Oh, humanity, Brahma is truly all-powerful and without physical form. It cannot be manipulated or shattered into pieces. It is pure, flawless, present everywhere, and all-knowing… (Yajur Veda 8:40)
God possesses knowledge of not just the events that have occurred and those that will occur but also has a comprehensive understanding of all potential situations that did not happen but could have.
The term “free will” encompasses various meanings, contexts, and interpretations, prompting intricate debates that have spanned across our history.
The concept of free will can be simplified to the ability to determine one’s own actions. This means that as long as we possess the capacity to choose, whether in our thoughts or physical actions, we exercise free will. It is crucial to distinguish between free will and the limitations that may restrict our actions in any given situation. Could you tell me what that distinction involves? For instance, imagine if someone were to hold a gun against your head and coerce you into reading this text (though I sincerely hope this is not the case). In such circumstances, you may feel like you need to comply with the order. However, it is still within your power to let you know, regardless of the potential consequences. Hence, we can affirm that free will persists, even in situations where we are effectively coerced into a particular choice.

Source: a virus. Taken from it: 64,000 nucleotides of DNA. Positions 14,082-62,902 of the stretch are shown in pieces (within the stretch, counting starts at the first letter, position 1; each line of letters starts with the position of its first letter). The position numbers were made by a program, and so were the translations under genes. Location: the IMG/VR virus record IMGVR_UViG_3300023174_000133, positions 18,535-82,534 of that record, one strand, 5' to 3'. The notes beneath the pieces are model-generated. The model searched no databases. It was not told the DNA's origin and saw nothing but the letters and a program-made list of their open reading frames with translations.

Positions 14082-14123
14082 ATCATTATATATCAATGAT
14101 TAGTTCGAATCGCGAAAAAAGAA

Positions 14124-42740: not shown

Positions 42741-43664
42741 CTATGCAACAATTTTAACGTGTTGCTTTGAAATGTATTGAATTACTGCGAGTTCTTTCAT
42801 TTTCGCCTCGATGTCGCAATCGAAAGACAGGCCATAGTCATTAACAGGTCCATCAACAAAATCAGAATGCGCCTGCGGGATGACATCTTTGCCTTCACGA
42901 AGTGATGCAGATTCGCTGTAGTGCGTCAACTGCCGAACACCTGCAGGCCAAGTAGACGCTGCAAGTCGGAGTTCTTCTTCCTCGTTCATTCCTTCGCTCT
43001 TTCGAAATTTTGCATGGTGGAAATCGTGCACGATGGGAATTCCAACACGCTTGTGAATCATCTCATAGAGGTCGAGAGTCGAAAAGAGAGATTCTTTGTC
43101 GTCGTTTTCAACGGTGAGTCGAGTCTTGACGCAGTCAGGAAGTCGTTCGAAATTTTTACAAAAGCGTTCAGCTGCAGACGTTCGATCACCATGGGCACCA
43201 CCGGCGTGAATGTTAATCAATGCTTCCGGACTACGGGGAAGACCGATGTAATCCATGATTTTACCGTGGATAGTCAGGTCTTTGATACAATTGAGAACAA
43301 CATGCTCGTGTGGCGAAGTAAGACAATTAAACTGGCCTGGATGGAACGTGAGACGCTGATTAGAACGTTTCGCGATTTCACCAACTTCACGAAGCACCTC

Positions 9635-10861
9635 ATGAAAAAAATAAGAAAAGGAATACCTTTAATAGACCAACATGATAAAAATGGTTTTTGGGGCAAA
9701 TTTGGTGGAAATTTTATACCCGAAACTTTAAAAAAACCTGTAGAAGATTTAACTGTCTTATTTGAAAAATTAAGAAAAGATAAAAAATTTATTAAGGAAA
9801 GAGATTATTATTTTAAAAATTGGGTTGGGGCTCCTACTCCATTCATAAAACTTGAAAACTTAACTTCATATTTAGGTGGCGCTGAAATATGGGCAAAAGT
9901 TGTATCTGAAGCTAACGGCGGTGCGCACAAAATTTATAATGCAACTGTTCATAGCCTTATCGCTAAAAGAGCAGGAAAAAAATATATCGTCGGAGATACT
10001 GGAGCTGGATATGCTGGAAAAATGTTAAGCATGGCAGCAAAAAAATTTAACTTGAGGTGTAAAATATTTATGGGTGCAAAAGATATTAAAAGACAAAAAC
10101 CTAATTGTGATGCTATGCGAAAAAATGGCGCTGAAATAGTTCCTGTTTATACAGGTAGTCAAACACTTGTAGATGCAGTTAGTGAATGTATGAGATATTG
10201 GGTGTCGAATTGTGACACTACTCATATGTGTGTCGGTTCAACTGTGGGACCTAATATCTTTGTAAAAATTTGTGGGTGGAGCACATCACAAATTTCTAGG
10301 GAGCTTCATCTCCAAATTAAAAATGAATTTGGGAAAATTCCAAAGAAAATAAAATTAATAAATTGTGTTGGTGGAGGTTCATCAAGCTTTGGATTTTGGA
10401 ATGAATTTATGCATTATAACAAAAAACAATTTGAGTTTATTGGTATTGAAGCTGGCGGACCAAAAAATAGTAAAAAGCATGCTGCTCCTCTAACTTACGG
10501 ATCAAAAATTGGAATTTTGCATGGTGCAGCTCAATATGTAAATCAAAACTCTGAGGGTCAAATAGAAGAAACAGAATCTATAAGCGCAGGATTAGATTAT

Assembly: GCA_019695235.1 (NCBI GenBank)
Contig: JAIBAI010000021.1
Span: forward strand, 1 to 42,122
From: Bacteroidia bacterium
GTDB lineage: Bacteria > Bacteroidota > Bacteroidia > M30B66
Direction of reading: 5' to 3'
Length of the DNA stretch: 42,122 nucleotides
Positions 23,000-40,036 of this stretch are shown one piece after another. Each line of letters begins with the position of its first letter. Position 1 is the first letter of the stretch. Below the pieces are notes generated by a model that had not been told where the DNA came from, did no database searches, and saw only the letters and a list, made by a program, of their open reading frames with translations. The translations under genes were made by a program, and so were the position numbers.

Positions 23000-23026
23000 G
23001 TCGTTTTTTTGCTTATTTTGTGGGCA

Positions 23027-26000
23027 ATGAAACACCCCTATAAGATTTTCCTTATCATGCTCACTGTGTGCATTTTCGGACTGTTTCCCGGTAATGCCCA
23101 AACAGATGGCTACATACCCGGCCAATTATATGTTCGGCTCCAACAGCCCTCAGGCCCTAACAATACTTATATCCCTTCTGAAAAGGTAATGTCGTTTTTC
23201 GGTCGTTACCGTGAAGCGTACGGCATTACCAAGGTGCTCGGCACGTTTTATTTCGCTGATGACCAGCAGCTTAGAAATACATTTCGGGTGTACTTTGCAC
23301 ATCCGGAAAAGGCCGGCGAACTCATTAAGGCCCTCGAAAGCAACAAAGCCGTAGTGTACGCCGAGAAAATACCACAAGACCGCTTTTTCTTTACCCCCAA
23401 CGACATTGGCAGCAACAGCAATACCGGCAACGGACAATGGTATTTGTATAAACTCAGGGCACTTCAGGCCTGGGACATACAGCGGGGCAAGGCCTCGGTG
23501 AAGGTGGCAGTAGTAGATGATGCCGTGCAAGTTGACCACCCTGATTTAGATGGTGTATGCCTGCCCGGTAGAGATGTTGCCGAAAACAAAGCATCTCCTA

Instead, free will is absent when we lack the capacity to choose from multiple alternatives. For instance, consider a computer program that is designed to perform a single, predetermined action without the ability to deviate from that course of action.
Although someone may desire to perform a physically or logically impossible action, such as flying into the clouds, traveling through time, or seeing through walls, it does not necessarily mean that free will does not exist. Instead, it simply means that free will does not extend to physically and logically impossible things.
Free Will Is Present as Long as Our Actions and Thoughts Are Not Predetermined